Down in Adoration Falling

Down in Adoration Falling

Dear readers,

A blessed Eastertide to you all. Returning from our scheduled break, we hope that you have been given the grace to be with the Lord through the mysteries of His passion, death & resurrection.

By way of sharing an Easter treat, we urge you to take a look at the remarkable Apostolic Exhortation which Bishop Thomas Olmstead of Phoenix released this Holy Thursday.

Full of clear teaching (who may/may not receive Holy Communion), practical advice (how to truly keep holy the Lord’s day) for both priests and laymen, Olmstead’s letter is a most welcome, hopeful, and useful guide.

Entitled “Venermur Cernui” (“Down in Adoration Falling”), Olmstead’s letter is an invitation to clear and deep faith in the Eucharistic Lord offered to all: believers, non-believers, and ex-believers alike:

I invite you in this Exhortation to “put out into the deep” (Lk 5:4). Whether your faith in the Eucharist is strong or weak, whether you consider the Church your Home or you have recently decided to disassociate, or even if you have no faith at all, my sincere hope is that a true “Eucharistic amazement” will be ignited within you.

(Paragraph 4)

Olmstead tells the stories of Moses & of Joshua who followed the Ark of the Lord through a dark and difficult journey, and explains how the Mass and the Lord’s Eucharist presence reveal the way of our exodus from sin. Now, God is truly present and radically accessible:

The same Jesus that walked the countryside of Palestine, the same Jesus that preached, cured the sick and raised the dead, the same Jesus who suffered, died, and rose is truly present in the Eucharist. Indeed, our Lord is ever near us, and we might recall with joy the exultant words of Deuteronomy 4:7: “What great nation is there that has a god so near to it as the Lord our God is to us?”

(Paragraph 25)

The bishop urges his readers, in response to the gift of God Himself, to “hold back nothing:”

In the Sequence “Lauda Sion Salvatorem” for the Solemnity of Corpus Christi, Saint Thomas Aquinas invites us to hold back nothing as the most appropriate response to the gift of Jesus Himself in the Eucharist: “Quantum potes, tantum aude, quia maior omni laude nec laudare sufficis. Dare as much as you can: because He is greater than any praise, nor can you praise him enough.” “Quantum potes” means “however much you can” and “tantum aude”, which means “as much as you dare.” This is the most appropriate response to such an awesome gift, to go all out in our response to Jesus’ most extravagant gift of Himself.

(Paragraph 28)

Further, Bishop Olmstead outlines Christ’s method of drawing souls to Himself as being centered first simply upon His presence, and demonstrates that the Eucharist is the real source of evangelization in our communities:

Invite a friend to join you in adoration.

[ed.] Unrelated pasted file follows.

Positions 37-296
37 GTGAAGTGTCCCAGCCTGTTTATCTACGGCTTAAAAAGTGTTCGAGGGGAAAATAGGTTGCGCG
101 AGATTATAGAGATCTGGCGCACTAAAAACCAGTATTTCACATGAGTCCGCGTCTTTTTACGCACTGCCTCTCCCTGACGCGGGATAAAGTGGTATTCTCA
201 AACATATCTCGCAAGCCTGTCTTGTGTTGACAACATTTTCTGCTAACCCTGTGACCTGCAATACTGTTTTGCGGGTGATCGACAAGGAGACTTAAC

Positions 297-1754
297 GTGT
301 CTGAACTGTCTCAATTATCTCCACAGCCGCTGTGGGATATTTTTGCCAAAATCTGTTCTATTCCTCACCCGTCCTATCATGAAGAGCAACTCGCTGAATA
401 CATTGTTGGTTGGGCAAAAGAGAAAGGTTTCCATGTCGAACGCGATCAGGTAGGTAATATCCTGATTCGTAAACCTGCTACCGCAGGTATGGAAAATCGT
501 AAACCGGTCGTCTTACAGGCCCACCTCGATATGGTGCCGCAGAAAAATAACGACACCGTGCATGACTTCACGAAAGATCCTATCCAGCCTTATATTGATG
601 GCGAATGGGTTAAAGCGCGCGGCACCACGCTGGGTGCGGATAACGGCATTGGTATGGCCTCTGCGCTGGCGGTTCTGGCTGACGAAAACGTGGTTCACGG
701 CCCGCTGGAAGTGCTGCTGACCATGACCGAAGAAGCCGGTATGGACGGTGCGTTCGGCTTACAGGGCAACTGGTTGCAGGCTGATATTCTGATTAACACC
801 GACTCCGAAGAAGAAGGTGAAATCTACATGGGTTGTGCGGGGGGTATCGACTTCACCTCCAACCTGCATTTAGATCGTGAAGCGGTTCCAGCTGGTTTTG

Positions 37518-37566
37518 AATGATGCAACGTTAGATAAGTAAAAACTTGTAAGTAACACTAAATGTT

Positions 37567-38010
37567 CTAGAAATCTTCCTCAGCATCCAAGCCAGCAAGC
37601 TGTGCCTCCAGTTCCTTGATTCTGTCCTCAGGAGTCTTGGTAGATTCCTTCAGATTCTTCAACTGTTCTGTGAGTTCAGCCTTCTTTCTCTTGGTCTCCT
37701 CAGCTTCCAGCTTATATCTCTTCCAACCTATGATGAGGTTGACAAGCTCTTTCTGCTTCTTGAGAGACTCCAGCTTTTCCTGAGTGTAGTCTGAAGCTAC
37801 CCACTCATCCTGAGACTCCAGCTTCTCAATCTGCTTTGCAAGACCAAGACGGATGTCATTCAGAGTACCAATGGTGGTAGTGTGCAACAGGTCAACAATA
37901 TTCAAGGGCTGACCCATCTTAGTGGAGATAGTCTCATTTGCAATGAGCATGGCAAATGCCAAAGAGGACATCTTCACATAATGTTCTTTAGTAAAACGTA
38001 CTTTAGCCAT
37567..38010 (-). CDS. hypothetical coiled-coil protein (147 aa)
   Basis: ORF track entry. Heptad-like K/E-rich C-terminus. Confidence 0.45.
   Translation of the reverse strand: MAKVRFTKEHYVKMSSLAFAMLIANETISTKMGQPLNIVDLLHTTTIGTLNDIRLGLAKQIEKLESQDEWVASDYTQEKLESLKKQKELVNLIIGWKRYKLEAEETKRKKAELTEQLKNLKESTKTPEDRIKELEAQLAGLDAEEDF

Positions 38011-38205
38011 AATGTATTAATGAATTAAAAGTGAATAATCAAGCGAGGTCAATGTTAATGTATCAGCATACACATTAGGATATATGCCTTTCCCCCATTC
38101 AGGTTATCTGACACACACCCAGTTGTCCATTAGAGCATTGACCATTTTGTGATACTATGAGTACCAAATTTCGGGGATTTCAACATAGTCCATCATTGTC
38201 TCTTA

Call to mind a loved one who feels himself or herself to be far from the Church. Think of a friend who finds the Mass difficult to understand and to engage. Consider an acquaintance in your life who does not believe in God or in Christ. Now imagine each of these persons sitting quietly and peacefully next to you in a beautiful place of adoration for ten minutes of Eucharistic adoration. What gentle but profound effect might it have in his or her heart?

The Gospels present a clear pattern in which Jesus makes Himself present to people before He teaches, and certainly long before He draws them into His act of worship in His Paschal Mystery. We might say the general pattern is: first His presence, then His worship. The Lord is present in many ways. But do we trust that the Eucharistic Christ can and will touch the hearts of our friends, if we but invite them to be near Him there?

Of course, it takes prudence and discernment to know when and how to offer such an invitation. But the times for such friendly invitations do come! In the Gospels we see persons bringing others into the bodily presence of Christ in various ways. I’ll mention three different approaches which are instructive for us today: testimony, invitation, and carrying.

The Samaritan woman at the well gives testimony to her whole village about Jesus which leads to their being in His presence for two days. Then they start to believe in Him and come to see Him for themselves (Jn. 4:41). Do we find ways to give testimony about the transformative power of the Eucharist? Do we talk in a winsome, compelling way to our family, friends, and acquaintances about the mystery of our encounter with the Eucharistic Lord? Do share with them where and how they too can encounter His presence in our churches?

The Apostle Andrew gives a direct, personal invitation to his brother Peter to accompany him to see the Lord. He declares to his younger brother that “we have found the Messiah” and then walks with him into the presence of Jesus (Jn 1:42). Are there not a host of persons who are one confident, loving invitation away from engaging (or re-engaging) the Lord through His Eucharistic body? What a blessing for so many of our closest loved ones and friends if we were to have Andrew’s courage to say, “I’ve found a treasure in the Eucharistic presence of Christ. Would you like to join me there?”.